Well, I wouldn't orient it in that way. I would say that when we look, as an example, at the University of Manitoba, we see that people who apply to medical school are predominantly—80%, or maybe 90%—self-identified Métis, with very few first nations. So the parameter and the proxy of what changes in colonial society is really indicated, in my professional opinion, by the number of first nations people who apply and apply successfully to enter medical school.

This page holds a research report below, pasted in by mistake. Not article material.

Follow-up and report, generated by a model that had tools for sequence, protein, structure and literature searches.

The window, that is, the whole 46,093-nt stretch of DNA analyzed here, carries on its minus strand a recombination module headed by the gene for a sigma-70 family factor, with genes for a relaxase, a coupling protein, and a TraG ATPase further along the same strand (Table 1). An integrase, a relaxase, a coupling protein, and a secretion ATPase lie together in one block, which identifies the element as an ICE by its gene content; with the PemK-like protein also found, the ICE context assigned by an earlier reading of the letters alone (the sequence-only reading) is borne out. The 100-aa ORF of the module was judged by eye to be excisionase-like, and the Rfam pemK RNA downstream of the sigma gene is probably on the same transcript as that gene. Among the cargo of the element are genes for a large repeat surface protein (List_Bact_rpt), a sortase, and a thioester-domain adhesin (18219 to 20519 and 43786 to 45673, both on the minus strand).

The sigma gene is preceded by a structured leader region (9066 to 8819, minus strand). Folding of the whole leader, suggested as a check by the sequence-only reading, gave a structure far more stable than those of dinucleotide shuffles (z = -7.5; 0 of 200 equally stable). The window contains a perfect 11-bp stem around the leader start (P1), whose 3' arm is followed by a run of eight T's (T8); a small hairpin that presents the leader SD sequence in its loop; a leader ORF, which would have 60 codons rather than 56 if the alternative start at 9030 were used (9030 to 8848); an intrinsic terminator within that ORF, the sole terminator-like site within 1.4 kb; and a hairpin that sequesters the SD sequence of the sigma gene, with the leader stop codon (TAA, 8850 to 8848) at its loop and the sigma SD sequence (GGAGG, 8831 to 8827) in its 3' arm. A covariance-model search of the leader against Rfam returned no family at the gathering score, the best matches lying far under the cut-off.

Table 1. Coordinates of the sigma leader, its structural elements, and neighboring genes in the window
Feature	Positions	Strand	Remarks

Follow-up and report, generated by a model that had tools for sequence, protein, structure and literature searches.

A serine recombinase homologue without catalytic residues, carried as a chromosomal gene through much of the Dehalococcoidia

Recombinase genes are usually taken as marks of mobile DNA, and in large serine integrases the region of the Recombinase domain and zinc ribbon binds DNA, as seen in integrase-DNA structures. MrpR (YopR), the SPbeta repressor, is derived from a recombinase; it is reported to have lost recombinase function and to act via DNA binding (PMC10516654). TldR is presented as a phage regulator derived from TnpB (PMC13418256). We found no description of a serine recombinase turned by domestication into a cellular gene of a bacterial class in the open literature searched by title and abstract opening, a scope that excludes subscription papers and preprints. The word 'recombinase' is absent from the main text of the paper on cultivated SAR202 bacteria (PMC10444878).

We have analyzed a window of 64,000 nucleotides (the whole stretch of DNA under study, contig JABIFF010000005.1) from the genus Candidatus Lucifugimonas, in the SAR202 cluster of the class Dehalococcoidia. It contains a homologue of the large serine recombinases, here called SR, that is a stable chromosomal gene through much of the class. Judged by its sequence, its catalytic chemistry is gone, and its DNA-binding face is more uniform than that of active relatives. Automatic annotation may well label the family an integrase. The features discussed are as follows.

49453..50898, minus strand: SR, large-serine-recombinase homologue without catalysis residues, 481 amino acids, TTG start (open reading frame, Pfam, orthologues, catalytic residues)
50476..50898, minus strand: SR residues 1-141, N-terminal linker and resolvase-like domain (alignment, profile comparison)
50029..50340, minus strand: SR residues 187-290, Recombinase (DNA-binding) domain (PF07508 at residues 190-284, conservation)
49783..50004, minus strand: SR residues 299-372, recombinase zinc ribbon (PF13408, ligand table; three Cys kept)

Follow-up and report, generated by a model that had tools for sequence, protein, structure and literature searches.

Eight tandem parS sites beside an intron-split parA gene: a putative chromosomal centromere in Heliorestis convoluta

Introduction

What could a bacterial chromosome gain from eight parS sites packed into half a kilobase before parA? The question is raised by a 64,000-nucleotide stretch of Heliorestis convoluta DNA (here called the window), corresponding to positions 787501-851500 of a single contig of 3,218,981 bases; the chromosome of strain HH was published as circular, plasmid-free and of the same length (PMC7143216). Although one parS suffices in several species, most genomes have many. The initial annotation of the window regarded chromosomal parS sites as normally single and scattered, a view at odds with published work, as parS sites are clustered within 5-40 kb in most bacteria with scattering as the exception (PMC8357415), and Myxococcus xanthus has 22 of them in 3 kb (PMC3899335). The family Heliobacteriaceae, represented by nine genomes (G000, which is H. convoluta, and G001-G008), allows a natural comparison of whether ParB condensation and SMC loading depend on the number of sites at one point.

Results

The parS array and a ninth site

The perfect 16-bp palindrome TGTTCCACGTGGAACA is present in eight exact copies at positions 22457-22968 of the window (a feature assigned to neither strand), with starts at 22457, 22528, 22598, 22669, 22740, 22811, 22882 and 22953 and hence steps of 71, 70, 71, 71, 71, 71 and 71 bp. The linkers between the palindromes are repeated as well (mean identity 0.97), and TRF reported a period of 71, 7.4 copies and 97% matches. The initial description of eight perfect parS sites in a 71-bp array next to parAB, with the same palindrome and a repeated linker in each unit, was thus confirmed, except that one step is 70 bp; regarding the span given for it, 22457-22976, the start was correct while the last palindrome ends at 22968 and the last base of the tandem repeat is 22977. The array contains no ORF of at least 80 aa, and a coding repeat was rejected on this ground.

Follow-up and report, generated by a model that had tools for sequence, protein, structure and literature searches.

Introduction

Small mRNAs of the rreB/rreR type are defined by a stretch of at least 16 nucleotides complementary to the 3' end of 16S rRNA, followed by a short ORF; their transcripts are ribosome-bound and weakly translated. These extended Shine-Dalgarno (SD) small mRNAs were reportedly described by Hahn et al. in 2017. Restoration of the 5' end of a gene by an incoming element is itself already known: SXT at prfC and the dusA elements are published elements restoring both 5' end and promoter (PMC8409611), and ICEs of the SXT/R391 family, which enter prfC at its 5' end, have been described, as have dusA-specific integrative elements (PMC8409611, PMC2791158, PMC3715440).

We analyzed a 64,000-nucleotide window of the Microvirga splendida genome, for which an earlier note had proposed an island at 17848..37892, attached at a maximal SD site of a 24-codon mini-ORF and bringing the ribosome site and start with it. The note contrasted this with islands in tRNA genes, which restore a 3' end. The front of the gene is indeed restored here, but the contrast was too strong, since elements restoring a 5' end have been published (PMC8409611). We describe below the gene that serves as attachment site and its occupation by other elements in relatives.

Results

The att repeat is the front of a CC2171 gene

We're far behind. We see very little change. The change occurs because communities are reorienting their schools and telling the kids that it's time to go to university, to finish grade 12, and to really point to the health care systems to address our own health care needs. That is a function of the strength of communities.